The spectrum of vascular anomalies in patients with PTEN mutations: implications for diagnosis and management
- Wen-Hann Tan1,
- Hagit N Baris1,
- Patricia E Burrows2,
- Caroline D Robson3,
- Ahmad I Alomari2,
- John B Mulliken4,
- Steven J Fishman5,
- Mira B Irons1
- 1Division of Genetics, Children’s Hospital Boston, Boston, Massachusetts, USA
- 2Division of Interventional Radiology, Children’s Hospital Boston, Boston, Massachusetts, USA
- 3Division of Neuroradiology, Children’s Hospital Boston, Boston, Massachusetts, USA
- 4Department of Plastic Surgery, Children’s Hospital Boston, Boston, Massachusetts, USA
- 5Department of Surgery, Children’s Hospital Boston, Boston, Massachusetts, USA
- Correspondence to: Dr Mira B Irons Division of Genetics, Children’s Hospital Boston, Fegan 10, 300 Longwood Avenue, Boston, MA 02115, USA;
- Received 4 January 2007
- Accepted 3 May 2007
- Revised 30 April 2007
- Published Online First 25 May 2007
Background: Mutations in the PTEN gene cause two disorders that predispose to cancer, Bannayan–Riley–Ruvalcaba and Cowden syndromes. Some patients with a PTEN mutation have only macrocephaly and autism, but they may still be at risk for neoplasms. Vascular anomalies occur in patients with a PTEN mutation, but they have not been systematically studied or precisely defined.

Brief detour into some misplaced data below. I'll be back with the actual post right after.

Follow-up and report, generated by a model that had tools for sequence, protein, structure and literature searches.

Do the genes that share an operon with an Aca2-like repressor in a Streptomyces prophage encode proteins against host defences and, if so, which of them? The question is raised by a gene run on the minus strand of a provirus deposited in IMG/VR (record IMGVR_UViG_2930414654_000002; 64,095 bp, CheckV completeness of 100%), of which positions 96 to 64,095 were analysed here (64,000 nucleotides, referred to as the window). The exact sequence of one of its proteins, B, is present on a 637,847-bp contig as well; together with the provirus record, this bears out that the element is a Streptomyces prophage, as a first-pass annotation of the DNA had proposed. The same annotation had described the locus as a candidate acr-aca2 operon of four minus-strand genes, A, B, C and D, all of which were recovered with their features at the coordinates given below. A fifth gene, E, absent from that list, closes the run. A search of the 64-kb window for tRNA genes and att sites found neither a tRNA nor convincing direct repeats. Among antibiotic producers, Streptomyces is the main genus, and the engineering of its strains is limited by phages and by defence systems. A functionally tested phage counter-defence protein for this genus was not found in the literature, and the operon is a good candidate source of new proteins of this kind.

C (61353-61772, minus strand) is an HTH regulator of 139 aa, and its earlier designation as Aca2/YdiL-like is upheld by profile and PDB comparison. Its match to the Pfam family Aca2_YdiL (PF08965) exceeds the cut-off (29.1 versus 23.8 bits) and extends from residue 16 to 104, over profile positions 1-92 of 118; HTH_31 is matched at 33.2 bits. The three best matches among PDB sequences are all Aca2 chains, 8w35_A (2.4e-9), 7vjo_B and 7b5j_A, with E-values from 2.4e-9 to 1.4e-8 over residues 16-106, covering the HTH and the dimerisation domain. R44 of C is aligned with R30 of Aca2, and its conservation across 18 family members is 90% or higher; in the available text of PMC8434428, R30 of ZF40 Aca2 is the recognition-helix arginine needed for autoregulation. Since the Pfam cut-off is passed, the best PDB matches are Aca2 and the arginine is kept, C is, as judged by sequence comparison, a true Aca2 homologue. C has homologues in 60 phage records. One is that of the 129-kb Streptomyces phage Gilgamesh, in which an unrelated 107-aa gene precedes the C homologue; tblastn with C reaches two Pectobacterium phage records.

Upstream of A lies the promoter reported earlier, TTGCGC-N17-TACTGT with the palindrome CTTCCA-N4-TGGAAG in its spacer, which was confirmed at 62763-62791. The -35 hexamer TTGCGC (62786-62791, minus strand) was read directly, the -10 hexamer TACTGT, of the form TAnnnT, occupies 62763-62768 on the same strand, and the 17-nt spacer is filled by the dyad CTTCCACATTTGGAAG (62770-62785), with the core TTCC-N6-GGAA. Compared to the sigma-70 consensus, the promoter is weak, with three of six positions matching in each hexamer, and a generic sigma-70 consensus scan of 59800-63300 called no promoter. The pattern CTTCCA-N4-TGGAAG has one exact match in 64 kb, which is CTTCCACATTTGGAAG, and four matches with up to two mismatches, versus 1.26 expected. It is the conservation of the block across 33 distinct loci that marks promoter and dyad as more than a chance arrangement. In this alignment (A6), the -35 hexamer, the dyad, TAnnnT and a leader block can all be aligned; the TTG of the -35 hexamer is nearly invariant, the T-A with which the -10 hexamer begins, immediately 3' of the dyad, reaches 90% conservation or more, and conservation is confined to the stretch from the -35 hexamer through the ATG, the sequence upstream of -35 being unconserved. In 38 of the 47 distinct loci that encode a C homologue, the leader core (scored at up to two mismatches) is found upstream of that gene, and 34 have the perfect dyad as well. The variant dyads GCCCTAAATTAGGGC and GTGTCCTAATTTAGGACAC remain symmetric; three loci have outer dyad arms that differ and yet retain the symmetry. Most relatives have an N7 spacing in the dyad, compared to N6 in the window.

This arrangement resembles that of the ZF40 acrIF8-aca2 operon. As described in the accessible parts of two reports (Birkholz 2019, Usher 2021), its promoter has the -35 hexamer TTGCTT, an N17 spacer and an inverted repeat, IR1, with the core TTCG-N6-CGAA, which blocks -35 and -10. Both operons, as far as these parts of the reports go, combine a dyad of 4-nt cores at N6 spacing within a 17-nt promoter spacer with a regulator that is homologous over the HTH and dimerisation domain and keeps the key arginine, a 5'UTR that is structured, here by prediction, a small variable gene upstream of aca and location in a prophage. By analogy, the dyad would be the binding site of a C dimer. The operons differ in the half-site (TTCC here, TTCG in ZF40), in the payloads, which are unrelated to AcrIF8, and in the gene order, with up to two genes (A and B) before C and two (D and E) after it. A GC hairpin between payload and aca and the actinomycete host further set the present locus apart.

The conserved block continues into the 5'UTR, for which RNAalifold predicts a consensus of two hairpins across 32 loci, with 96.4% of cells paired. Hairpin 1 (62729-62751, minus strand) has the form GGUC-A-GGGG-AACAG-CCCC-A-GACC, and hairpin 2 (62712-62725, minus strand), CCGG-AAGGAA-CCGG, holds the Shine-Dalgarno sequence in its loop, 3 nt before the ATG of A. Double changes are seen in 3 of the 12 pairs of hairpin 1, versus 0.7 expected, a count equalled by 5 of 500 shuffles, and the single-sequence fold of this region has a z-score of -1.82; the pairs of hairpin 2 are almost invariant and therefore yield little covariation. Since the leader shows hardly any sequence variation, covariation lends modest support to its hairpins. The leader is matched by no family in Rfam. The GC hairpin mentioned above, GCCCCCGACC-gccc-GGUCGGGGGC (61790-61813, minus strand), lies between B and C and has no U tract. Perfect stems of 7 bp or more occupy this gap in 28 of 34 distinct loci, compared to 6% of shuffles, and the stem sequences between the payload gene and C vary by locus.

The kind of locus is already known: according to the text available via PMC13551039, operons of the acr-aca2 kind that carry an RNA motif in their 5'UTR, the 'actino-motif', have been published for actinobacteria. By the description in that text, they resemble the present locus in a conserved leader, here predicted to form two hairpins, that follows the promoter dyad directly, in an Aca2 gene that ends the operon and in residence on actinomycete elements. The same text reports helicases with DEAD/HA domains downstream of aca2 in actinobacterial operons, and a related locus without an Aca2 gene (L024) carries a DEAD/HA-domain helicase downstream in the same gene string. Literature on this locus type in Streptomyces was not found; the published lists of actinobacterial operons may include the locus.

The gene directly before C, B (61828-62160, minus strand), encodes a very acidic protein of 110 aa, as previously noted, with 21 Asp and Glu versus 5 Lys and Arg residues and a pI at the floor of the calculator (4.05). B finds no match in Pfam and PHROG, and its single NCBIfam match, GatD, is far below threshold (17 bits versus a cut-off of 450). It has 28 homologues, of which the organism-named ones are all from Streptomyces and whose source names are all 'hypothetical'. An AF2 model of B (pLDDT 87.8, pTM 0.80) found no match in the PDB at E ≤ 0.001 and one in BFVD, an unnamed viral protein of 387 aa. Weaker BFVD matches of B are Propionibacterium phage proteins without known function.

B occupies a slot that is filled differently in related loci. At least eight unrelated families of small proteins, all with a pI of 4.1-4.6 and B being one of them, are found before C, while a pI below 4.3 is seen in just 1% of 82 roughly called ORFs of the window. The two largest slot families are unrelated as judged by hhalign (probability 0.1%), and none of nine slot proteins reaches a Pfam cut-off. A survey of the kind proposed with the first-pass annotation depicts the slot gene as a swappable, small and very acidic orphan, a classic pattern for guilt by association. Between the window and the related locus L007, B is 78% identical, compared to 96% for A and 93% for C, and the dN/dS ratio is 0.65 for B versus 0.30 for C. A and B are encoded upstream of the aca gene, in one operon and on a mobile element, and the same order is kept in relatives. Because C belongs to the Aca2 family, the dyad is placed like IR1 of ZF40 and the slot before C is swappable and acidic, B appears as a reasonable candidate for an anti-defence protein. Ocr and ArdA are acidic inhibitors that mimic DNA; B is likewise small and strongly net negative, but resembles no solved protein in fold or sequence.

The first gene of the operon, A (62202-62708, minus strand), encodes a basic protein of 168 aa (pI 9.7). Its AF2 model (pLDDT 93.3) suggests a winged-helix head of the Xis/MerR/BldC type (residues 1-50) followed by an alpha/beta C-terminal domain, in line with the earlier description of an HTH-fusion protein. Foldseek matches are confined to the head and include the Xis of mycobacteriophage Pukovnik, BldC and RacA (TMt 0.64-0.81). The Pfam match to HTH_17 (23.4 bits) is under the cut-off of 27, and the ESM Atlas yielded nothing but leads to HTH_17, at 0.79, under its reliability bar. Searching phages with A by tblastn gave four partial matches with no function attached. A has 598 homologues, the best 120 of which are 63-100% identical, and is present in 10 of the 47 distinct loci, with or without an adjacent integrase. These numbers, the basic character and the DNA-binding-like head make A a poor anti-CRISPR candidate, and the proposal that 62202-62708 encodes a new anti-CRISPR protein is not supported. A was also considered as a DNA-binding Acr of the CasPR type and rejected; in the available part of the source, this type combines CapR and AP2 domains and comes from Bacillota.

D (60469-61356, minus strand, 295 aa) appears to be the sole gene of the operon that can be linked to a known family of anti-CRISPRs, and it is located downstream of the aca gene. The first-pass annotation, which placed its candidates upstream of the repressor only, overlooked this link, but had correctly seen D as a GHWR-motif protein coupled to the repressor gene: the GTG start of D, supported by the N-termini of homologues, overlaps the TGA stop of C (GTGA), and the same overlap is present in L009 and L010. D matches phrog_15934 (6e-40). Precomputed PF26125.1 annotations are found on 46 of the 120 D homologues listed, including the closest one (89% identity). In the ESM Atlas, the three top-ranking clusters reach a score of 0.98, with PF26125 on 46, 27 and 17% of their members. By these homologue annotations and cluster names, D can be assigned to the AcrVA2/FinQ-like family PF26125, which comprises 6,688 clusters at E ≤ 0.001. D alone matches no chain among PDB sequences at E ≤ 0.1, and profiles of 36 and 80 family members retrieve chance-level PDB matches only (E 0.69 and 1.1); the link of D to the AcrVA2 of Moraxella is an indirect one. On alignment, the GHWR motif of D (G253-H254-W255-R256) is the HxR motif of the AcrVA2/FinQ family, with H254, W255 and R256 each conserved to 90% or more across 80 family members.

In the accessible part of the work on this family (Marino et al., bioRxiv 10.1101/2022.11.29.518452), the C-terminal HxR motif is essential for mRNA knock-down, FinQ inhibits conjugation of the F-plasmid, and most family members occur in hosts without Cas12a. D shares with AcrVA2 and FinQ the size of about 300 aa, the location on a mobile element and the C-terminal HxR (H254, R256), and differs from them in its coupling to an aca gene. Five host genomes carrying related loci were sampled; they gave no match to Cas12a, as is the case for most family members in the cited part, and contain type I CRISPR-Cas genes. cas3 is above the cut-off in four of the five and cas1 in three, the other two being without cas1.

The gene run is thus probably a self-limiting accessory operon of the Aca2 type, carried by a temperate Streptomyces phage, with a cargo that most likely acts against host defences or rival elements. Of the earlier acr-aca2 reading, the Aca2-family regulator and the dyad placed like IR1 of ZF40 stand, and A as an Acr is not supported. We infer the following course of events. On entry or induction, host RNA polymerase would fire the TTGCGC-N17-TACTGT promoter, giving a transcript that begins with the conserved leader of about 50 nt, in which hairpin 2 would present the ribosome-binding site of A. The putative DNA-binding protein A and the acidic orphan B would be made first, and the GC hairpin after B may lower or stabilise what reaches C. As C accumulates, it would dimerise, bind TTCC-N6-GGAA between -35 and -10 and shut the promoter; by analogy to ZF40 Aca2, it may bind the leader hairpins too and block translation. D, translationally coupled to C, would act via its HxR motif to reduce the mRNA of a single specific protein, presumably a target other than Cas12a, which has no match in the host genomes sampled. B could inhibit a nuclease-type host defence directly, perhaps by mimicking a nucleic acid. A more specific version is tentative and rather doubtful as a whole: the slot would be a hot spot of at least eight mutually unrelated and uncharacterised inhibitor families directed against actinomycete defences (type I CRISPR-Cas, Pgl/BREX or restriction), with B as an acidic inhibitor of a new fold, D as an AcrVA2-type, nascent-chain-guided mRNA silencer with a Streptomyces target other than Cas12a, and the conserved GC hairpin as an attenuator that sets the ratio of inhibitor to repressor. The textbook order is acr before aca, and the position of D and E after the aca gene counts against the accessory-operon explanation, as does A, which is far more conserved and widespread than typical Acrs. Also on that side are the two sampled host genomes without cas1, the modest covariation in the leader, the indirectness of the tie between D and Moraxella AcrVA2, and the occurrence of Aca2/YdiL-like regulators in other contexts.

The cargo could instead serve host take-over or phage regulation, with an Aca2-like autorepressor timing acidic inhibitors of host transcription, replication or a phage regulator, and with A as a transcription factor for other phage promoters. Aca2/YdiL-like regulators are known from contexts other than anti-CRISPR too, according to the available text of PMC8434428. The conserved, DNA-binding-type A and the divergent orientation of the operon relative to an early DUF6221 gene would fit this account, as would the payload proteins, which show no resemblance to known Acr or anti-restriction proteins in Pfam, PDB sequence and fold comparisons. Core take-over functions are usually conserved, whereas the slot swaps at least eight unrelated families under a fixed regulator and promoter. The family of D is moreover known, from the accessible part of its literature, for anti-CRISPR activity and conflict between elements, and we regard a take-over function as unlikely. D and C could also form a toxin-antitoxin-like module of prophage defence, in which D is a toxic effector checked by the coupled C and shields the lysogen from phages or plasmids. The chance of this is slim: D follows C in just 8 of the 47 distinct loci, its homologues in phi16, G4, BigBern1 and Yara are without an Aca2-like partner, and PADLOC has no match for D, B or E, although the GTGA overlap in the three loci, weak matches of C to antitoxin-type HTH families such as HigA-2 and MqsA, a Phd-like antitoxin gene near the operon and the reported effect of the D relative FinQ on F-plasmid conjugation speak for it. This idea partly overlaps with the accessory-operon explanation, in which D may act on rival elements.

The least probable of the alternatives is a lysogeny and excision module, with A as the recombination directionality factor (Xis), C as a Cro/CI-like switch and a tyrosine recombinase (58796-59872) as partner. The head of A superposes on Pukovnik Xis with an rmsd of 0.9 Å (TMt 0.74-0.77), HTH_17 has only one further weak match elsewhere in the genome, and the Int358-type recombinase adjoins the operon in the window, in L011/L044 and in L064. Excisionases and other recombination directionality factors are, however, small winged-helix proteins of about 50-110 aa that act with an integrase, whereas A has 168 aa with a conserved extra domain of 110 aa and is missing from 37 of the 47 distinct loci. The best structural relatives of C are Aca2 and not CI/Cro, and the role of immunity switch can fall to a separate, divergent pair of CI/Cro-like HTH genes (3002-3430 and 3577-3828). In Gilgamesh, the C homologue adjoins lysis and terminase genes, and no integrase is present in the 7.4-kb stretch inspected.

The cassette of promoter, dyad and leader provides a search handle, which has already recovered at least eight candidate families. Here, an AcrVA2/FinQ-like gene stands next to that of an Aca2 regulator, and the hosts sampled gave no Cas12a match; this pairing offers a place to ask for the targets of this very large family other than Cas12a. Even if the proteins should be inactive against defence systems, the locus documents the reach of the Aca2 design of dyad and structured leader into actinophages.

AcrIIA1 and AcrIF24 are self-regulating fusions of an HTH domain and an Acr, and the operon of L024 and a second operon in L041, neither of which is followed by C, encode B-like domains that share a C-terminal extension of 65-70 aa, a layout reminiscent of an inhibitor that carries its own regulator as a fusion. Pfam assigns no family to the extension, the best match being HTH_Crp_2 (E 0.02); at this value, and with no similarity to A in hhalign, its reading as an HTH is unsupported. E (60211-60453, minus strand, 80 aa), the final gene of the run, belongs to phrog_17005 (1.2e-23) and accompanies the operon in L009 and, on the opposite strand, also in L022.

Method: We analysed the clinical and radiological features of the vascular anomalies in 26 patients with PTEN mutations who were either seen or had their medical records reviewed at Children’s Hospital Boston.
Results: All 23 patients who had their head circumference measured were macrocephalic, and all 13 male patients who were fully examined had penile freckling. Vascular anomalies were found in 14/26 (54%) of patients: 8/14 (57%) had multiple lesions and 11/13 (85%) who had cross-sectional imaging had intramuscular vascular lesions. Radiographic studies showed that 12/14 (86%) were fast-flow vascular anomalies, and angiography typically showed focal segmental dilatation of draining veins. Excessive ectopic fat in the vascular anomalies was present in 11/12 (92%) of patients on CT or MRI. Intracranial developmental venous anomalies (DVAs) were found in 8/9 (89%) of patients who had brain MRI with contrast.
Conclusions: Vascular anomalies in patients with a PTEN mutation are typically multifocal intramuscular combinations of fast-flow channels and ectopic fat. Cerebral DVAs are very common. PTEN mutational analysis should be considered for all macrocephalic patients with fast-flow vascular anomalies or multiple intracranial DVAs.
- AVM, arteriovenous malformation
- BRRS, Bannayan–Riley–Ruvalcaba syndrome
- CS, Cowden syndrome
- DVA, developmental venous anomaly
- PI3Kl, phosphoinositide-3 kinase
- PI(3,4,5)P3, phosphatidylinositol-(3,4,5)-triphosphate
- PHTS, PTEN hamartoma–tumour syndrome
- PTEN hamartoma syndrome
- Bannayan–Riley–Ruvalcaba syndrome
- Cowden syndrome
- vascular malformations
- arteriovenous malformations
*The first two authors contributed equally to this work.
Competing interests: None declared.
Parental/guardian informed consent was obtained for publication of figure 1.
Published Online First 25 May 2007